ROMAN CATHOLICS AND PROTESTANTS IN DIALOGUE

2b0\

Toward the end of the twentieth century, Roman Catholic and Protestant leaders met frequently to discuss the similarities and the differences between the two groups. In 1994, a significant document, “Evangelicals and Catholics Together: The Christian Commission in the Third Millennium,” was released.

In 1997 a document was released by some of the same participants, called “The Gift of Salvation.” This attempted to address commonalities on this issue. However, these documents have greatly overstated the agreements between these two systems of belief. Unfortunately, important areas of disagreement were neglected and some portions of the documents lacked in clarity.

Biblical Christianity Compared with Roman Catholicism

As we place classic Roman Catholic teachings alongside those of biblical Christianity, we find the following:

GOD

Roman Catholic Perspective: One God in three persons, though angels, saints, and Mary are also highly revered.

Biblical Perspective: One God in three persons—Father, Son, and Holy Spirit.

HOLY BOOK

Roman Catholic Perspective: Accept the 66 books of the Bible as authoritative, along with additional books (the Apocryphal), Sacred Tradition, and papal infallibility.

Biblical Perspective: The 66 books of the Holy Bible are the sole authoritative work for Christianity.

SIN

Roman Catholic Perspective: All people have sinned (except Jesus and his mother Mary). Also teaches that there are venial and mortal sins.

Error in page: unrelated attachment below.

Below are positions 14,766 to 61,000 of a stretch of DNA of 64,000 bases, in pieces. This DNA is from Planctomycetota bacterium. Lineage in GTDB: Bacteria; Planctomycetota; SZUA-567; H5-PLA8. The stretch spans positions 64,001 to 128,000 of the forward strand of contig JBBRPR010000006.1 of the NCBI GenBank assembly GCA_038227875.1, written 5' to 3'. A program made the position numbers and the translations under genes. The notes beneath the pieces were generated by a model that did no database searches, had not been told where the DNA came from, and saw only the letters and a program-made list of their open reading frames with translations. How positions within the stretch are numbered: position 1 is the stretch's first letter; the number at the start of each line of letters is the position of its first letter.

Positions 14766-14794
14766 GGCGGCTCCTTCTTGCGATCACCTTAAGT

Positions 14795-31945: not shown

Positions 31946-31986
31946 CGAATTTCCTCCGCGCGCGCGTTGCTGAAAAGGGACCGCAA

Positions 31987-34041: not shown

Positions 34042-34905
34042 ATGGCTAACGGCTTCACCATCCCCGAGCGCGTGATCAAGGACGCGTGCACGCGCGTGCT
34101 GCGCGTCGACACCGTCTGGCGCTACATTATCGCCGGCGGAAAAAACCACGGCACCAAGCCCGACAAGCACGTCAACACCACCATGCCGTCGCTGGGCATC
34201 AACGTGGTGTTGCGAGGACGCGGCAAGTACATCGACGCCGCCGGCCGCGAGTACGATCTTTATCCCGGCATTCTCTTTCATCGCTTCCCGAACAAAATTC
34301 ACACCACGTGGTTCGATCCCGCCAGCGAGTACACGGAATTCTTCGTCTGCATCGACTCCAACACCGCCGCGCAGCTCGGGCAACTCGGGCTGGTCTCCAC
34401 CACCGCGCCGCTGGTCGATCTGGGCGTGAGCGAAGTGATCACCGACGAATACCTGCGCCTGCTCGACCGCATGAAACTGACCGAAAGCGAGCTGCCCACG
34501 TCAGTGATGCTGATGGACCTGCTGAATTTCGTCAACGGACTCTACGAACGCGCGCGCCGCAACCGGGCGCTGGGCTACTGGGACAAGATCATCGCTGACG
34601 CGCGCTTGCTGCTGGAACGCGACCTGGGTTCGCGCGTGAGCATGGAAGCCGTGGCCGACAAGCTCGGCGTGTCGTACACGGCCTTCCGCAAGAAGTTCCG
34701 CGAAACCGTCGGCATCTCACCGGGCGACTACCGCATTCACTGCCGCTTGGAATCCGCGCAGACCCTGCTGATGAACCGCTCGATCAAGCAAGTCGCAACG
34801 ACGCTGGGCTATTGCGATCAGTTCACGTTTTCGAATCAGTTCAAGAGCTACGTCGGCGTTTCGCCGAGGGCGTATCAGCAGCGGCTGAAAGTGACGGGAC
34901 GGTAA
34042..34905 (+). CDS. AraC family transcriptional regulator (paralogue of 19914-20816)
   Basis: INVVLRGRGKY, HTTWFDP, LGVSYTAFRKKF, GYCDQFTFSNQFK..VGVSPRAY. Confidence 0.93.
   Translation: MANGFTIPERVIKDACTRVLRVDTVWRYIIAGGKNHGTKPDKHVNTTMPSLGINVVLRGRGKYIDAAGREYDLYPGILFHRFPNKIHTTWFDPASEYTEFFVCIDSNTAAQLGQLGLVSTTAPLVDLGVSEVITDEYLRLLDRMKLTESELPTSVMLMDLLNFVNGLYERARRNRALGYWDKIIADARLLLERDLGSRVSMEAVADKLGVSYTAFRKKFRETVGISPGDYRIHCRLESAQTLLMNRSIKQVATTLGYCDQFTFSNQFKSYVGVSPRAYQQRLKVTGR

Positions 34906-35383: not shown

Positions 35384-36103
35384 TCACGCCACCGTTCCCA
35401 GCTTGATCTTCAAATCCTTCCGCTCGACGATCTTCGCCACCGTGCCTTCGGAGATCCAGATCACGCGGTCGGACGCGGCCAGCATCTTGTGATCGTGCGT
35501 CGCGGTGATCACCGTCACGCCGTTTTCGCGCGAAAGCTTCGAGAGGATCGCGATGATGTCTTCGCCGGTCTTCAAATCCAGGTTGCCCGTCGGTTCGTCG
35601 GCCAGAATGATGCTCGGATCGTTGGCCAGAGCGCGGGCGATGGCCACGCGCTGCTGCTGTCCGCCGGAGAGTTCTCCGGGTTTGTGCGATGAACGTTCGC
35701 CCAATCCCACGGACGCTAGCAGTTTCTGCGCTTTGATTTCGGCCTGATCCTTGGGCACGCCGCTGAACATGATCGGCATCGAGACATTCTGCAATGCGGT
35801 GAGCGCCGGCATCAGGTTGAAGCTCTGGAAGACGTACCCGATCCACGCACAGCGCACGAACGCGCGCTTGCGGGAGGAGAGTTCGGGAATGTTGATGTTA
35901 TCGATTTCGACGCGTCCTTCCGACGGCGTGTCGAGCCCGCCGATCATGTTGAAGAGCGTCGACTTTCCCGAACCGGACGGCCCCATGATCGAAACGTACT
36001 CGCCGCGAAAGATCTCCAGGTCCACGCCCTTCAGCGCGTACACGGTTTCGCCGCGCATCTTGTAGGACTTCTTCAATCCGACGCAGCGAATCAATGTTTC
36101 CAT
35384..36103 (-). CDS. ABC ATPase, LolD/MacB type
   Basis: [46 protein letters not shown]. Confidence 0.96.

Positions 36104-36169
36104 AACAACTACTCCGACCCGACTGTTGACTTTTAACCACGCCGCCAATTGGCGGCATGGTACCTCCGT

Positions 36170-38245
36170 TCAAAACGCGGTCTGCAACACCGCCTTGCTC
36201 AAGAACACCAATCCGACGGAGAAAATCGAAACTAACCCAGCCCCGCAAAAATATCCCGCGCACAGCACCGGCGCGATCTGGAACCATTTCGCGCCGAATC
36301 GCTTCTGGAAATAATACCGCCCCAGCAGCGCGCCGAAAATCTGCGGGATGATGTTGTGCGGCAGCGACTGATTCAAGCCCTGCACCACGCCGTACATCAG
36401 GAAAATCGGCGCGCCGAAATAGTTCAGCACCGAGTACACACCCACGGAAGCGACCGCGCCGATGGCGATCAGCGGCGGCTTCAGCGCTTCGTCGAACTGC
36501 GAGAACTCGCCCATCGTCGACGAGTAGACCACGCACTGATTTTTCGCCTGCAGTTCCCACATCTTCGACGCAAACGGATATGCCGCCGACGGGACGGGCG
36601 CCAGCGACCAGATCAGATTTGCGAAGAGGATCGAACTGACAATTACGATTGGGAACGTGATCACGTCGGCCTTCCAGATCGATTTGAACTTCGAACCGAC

Biblical Perspective: All people have sinned (except Jesus).

JESUS CHRIST

Roman Catholic Perspective: God’s perfect son, resurrected, holy, divine (second person of the Trinity), yet also fully human.

Biblical Perspective: God’s perfect son, holy, resurrected, divine (second person of the Trinity), yet also fully human.

SALVATION

Roman Catholic Perspective: Justification is obtained by doing meritorious works that cooperate with God’s grace, with focus upon the seven sacraments.

Biblical Perspective: Justification is obtained only by God’s grace [alone] through faith [alone] in [the finished work on the Cross of] Jesus Christ [alone], not by human effort or as a result of cooperating with God’s grace.

AFTERLIFE

Roman Catholic Perspective: All souls enter either heaven, hell, or purgatory upon death. The prayers and deeds of living [Roman] Catholics can help those in purgatory to reach heaven more quickly.

Biblical Perspective: All people will enter either heaven or hell upon death, depending on whether they have salvation in Jesus Christ. The Bible does not mention purgatory.

Because of the vast [and irreconcilable] differences that exist in the foundational beliefs of Roman Catholicism and biblical Christianity, we conclude that though some [Roman] Catholics may believe differently than their church and are true Christians, Roman Catholicism as a religious system is not the same as biblical Christianity.1

Further reading

Endnotes

  1. John Ankerberg & Dillon Burroughs, What’s the Big Deal About Other Religions? [Eugene: Harvest House, 2008], 44-46.